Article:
In the device shown in FIGURE 6 the rubber member 52 has a plurality of scallops on its outside surface, forming a plurality of lubricant retaining grooves to facilitate the even distribution of lubricant to the walls or" the metal member with which it is to be assembled, and the ridges 53 are rounded where they engage the outside metal member to better distribute lubricant on the metal surface and to reduce or eliminate a squeeze or wiping action which tends to reduce the lubricant film thickness.

FIGURE 7 shows a modified form of device for resisting axial thrust, wherein one end 83 of the outer metal sleeve 84 is folded inwardly on the reentrant portion 77 of rubber sleeve 74 thus obviating the thrust collar shown in the device of FIGURE 3.

FIGURE 9 shows still another modified form of the invention wherein a rubber sleeve is chemically or frictionally bonded to an inner metal sleeve 91, and an outer metal sleeve 92 is positioned around the rubber sleeve 9%. The ends 94- and @5 of the outer metal sleeve extend around the ends of the rubber sleeve 9% to hold the unit together and to seal in the permanent lubricant in the groove as of the rubber sleeve 98. With the sleeve ends 94, 95 folded around the rubber sleeve 90 the unit will take limited thrust in either direction axially. As shown, the sleeve end R4 folds around the rubber sleeve to a greater extent than does the end 95. This permits the unit to be assembled by funneling the rubber sleeve 90 into the preformed outer metal sleeve R2 for rapid assembly.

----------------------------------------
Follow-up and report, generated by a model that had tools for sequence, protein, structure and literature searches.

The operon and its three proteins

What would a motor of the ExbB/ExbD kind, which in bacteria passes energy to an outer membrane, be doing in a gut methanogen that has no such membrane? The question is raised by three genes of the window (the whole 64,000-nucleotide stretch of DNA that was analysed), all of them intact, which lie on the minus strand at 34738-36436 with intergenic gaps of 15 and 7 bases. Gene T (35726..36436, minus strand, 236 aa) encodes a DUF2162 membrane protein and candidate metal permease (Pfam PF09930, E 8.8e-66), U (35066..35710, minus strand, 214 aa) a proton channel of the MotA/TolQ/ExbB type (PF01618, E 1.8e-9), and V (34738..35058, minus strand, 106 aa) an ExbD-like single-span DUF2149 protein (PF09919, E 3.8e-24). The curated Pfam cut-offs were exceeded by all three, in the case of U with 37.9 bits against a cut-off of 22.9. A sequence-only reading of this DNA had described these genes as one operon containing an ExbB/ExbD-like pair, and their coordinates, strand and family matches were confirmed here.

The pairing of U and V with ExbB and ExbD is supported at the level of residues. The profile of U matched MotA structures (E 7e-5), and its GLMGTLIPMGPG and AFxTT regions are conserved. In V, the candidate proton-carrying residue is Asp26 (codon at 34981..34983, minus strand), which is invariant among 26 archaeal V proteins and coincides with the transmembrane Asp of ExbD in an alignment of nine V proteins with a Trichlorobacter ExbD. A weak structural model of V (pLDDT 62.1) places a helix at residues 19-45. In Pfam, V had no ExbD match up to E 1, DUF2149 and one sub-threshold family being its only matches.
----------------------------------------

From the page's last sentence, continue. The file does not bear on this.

FIGURE 10 shows a very simple, inexpensive form of the invention having a small, fixed amount of spring rate. In this embodiment there are only three separate physical elements needed to form a permanently lubricated bearing of excellent characteristics and life. They are a housing portion 1%, a rubber portion 101, and permanent lubricating material 102 trapped in a plurality of spaced locations between the housing and the rubber portion 101. There does not need to be an-inner housing member within the bore 1% of the rubber member 1M as the purchaser, such as the auto manufacturer, may supply this portion. Also, the unit as sold may have the housing member which cooperates with the rubber-like member to contain the lubricant located within the bore instead of outside of the member as illustrated.